Their fslry sails sweep on.
A frisnr and the ravishing forms have!
' ' --.! 7 ' 7 ' '
CORNER COURT AND
COM'L STREET, SALEM .
Whither no mortal knows;
Halo, perhaps, for his hosry heard,
They, greet the "prince f snows."
with life and loveliness sstlr,
And varying tints untold.
Now e-randJy looms the towering fir.
All tinseled o'er with gold.
Proud of his own prodigious1 form.
With strength and grsndeur bUnt
He hurls defiance to the storm, -With
vigor well unspent.
From fiery bolt and wintry blast.
His native steep to shield;
He views as veteran of the past
Might view, the long ought field.
That fire and flood has he withstood
And wind's tempestuous sweep.
His fallen comrades of the wood
Make answer as they sleep.
Around him, in the long- ae-o,
For home and native mead.
The rathering tribesmen charged Us
From many a sweltering steed.
As we of time's intuitive right
Lafe's earlier friend love beat;
Bo day's last pinnacle of light
Stands shimmering from his crest
Night shades with coloring not 3
Where sank the evenlne- sun.
Like mourners to the err-ve of youtt
Com gathering one by one.
Last courtier to departing dsy,
Flushed with Its lingering glow.
The lark repeats his evening lay
In silvery notes and low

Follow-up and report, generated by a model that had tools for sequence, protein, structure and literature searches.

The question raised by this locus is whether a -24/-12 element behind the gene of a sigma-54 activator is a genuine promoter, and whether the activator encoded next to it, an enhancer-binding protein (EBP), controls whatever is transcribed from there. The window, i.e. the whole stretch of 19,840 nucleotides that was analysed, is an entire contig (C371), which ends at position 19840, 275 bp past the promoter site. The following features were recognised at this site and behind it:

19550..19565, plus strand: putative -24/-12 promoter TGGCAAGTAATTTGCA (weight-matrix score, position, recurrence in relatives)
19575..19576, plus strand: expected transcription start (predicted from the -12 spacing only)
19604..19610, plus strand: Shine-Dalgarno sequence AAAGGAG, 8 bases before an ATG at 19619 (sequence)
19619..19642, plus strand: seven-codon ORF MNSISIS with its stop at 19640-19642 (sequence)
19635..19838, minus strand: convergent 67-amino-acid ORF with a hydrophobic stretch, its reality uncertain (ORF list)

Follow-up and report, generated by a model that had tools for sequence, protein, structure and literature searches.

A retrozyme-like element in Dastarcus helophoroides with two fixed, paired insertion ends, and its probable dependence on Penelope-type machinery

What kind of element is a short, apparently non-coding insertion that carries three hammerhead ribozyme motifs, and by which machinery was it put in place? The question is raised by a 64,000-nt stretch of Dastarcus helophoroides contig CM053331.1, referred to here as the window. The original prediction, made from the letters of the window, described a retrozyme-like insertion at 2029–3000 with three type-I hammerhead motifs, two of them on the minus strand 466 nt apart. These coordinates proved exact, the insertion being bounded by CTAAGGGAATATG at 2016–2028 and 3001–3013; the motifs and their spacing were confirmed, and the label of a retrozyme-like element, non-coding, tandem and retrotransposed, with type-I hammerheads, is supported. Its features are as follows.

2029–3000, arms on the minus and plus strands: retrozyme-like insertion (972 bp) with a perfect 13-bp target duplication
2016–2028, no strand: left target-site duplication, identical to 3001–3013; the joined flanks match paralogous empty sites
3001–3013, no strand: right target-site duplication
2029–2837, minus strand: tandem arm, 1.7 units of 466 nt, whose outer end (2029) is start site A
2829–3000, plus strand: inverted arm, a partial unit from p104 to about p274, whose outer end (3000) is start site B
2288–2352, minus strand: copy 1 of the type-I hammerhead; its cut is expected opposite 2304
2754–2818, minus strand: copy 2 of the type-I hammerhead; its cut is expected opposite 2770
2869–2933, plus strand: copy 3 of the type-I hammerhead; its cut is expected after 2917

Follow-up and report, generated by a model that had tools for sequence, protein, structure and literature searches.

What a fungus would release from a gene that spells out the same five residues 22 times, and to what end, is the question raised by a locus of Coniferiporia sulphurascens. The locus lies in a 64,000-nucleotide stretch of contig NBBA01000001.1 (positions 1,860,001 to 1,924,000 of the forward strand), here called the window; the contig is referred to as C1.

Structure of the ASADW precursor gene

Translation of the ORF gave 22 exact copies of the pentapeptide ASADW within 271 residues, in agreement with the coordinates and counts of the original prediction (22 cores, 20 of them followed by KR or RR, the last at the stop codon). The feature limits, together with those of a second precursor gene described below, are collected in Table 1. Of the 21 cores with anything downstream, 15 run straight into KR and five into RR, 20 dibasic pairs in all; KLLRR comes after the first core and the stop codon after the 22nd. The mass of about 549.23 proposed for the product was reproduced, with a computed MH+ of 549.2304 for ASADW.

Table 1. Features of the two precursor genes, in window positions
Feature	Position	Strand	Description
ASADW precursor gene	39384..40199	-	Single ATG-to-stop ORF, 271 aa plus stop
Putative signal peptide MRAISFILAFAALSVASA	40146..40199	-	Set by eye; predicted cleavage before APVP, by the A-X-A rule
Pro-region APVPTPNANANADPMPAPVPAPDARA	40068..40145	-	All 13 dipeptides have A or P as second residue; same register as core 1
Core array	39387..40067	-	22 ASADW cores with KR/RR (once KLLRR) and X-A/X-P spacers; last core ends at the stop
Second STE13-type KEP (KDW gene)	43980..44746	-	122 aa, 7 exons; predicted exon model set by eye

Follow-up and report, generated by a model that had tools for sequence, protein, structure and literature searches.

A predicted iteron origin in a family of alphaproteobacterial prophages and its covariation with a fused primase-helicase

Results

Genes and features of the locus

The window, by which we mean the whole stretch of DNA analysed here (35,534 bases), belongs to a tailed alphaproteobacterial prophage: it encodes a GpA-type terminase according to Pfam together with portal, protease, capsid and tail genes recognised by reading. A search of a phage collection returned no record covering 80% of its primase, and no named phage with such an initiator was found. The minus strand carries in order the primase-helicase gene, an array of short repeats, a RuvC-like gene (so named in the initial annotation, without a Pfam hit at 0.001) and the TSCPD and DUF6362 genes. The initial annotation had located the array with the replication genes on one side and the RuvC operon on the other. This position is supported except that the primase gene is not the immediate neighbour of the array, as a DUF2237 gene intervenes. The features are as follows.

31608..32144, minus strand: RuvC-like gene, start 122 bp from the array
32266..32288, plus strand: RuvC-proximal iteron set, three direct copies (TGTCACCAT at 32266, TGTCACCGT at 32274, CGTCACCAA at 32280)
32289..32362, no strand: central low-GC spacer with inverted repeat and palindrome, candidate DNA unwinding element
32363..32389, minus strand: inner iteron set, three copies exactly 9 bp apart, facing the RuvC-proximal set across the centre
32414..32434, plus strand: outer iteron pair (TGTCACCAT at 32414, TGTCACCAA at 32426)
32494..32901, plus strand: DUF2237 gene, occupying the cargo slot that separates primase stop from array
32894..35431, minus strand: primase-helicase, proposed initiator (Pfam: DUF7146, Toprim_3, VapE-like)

Day, thai from sunshine, flower w'
ftems wesrying of delight
Needless her pleasures to prolong,
Waila now the hurrying; nlg-ht.
And be It here. In years sfar.
From memory's heights sublime;
To light as by a silver stsr.
Life's shadowy slopes of time.
S. A. Trainor,
Make Quarter Pint
of Lotion, Che?
Here Is told how to prepare
Inexpensive lemon 'lotion which (
be used to brtng back to any W
the sweet freshnesssoftness, wbiU'
ness and beauty.
The Juice of two fresh lemon.'
strained into a bottle contain!-?
three ounces of orchard white m
a whole quarter pint of the mot T
markable lemon skin beaut rfler
about the cost one must pay tor
email, Jar of the ordinary cold creaT
Care should be taken to strain t
lemon Juice through a fine cloth P
no lemon pulp gets in, then tt:
lotion will keep fresh "for month
Kyery woman knows that lenv8
Juice Is used to -bleach and rented
such blemishes as freckles, sallo'
ness and tan, and is the idealf"-5
softener, smoothener and beautify
Just try It! Get three oupcel
orchard white at any pharmacy D
two, lemons from the grocer J
make upa quarter pint of this sweet
ly fragrant lemon lotion and mM
sage it dally Into the face. n
arms' and hands, and e for yowrst.'
"MEN! ME.! M EN!"